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Are trying to take Signals & Systems and Control Systems at the same time? That would not be advisable. Signals & Systems is most definitely a pre-req. for Control Systems: you absolutely must have mastered Laplace and z Transforms (a topic usually saved to the middle/end of Signals) prior to starting Control (along with all the frequency response methods). You might consider moving Electromagnetic Systems I to Summer 2015 and Control Systems to Fall 2015.
 
  • #5
17
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How about this as preparation for an MS in signal processing and communications:

Spring 2015:
Elementary Modern Physics
Probability Theory in ECE
Electric Circuits
Engineering Computation

Summer 2015:
Introduction to Electronics
Introduction to Software Engineering

Fall 2015:
Discrete Mathematics
Signals & Systems
Analog Electronics
Electromagnetic Systems I

Spring 2016:
Introduction to Digital Signal Processing
Electromagnetic Systems II
Control Systems
Introduction to Computer Networking

Is it possible to do signal processing without just turning into a software guy? I was really trying to stay on the hardware side. I really like the option for MS in Solid-State Circuits, Devices, and Materials, but it doesn't even seem like they make it possible. You get three semesters to finish the undergrad catch-up phase of the program (plus one summer) So for example to take Microprocessors, the only way to make it there in 3 semesters with all the prereqs is to do this:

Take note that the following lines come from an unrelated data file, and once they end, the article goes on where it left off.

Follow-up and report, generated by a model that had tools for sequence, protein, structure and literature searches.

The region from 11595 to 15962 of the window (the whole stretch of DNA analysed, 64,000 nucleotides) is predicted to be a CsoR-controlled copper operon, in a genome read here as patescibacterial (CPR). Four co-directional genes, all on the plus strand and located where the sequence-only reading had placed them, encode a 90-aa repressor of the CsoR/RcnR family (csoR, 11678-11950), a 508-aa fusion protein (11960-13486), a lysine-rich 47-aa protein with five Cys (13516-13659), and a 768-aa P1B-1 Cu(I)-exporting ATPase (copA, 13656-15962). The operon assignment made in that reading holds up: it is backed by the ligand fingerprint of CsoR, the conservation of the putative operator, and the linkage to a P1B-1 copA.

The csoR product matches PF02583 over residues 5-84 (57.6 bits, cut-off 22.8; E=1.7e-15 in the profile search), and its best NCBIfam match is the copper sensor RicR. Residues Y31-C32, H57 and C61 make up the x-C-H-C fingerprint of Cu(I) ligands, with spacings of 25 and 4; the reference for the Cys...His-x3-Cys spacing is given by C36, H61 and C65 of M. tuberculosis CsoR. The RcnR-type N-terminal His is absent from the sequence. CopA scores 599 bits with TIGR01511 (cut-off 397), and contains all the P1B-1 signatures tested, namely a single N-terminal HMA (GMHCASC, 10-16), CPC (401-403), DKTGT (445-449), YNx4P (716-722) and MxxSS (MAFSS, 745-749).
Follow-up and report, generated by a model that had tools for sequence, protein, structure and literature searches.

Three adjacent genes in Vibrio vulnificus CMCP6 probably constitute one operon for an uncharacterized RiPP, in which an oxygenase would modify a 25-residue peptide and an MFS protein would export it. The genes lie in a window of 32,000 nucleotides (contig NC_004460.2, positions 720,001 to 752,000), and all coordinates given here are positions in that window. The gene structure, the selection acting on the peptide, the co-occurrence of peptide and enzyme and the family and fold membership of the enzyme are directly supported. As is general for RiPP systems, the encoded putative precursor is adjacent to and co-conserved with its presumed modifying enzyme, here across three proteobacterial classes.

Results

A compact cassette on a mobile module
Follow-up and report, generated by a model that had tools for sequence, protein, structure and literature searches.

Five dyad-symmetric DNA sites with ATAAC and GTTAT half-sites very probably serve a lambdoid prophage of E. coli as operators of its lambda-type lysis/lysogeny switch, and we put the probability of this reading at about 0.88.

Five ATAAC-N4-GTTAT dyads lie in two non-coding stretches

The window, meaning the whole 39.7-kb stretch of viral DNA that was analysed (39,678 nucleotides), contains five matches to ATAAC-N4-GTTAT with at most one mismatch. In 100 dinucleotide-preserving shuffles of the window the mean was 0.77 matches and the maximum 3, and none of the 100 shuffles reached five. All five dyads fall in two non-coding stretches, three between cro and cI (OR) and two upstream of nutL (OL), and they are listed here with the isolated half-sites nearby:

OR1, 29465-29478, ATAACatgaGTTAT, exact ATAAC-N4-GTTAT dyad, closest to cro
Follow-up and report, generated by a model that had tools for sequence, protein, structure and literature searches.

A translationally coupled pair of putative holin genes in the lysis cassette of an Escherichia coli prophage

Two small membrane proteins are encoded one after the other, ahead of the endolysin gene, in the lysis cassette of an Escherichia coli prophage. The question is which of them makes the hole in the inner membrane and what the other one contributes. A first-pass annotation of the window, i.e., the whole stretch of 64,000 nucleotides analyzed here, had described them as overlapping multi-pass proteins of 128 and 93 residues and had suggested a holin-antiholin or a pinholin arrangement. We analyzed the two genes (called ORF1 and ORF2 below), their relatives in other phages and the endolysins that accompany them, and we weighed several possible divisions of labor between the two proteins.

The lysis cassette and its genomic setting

Spring 15: Engineering Comp, Electric circuits
Summer 15: Introduction to software engineering, Introduction to logic design
Fall 15: Computer Organization
Spring 16: Microprocessors

BUT, they don't offer Intro to Logic Design in the summer. This seems to make it impossible to take the microprocessors class (which seems important) before the MS in Solid-State Circuits, Devices, and Materials.

Any suggestions? :confused:
 
  • #6
donpacino
Gold Member
1,439
282
There is a thin line between software and hardware when it comes to DSP.
Its a mixed bag as to what is used. Whenever signal processing has to be done quickly it is done in hardware (ussually FPGAs)

Look up VHDL. The HDL stands for hardware description language. You use a programming language to creat large scale logic in hardware.
 
  • #7
donpacino
Gold Member
1,439
282
I would talk to a professor or someone at the school. Missing microprocessors might not be that bad. You will get exposure to how computing systems work in some of your other classes!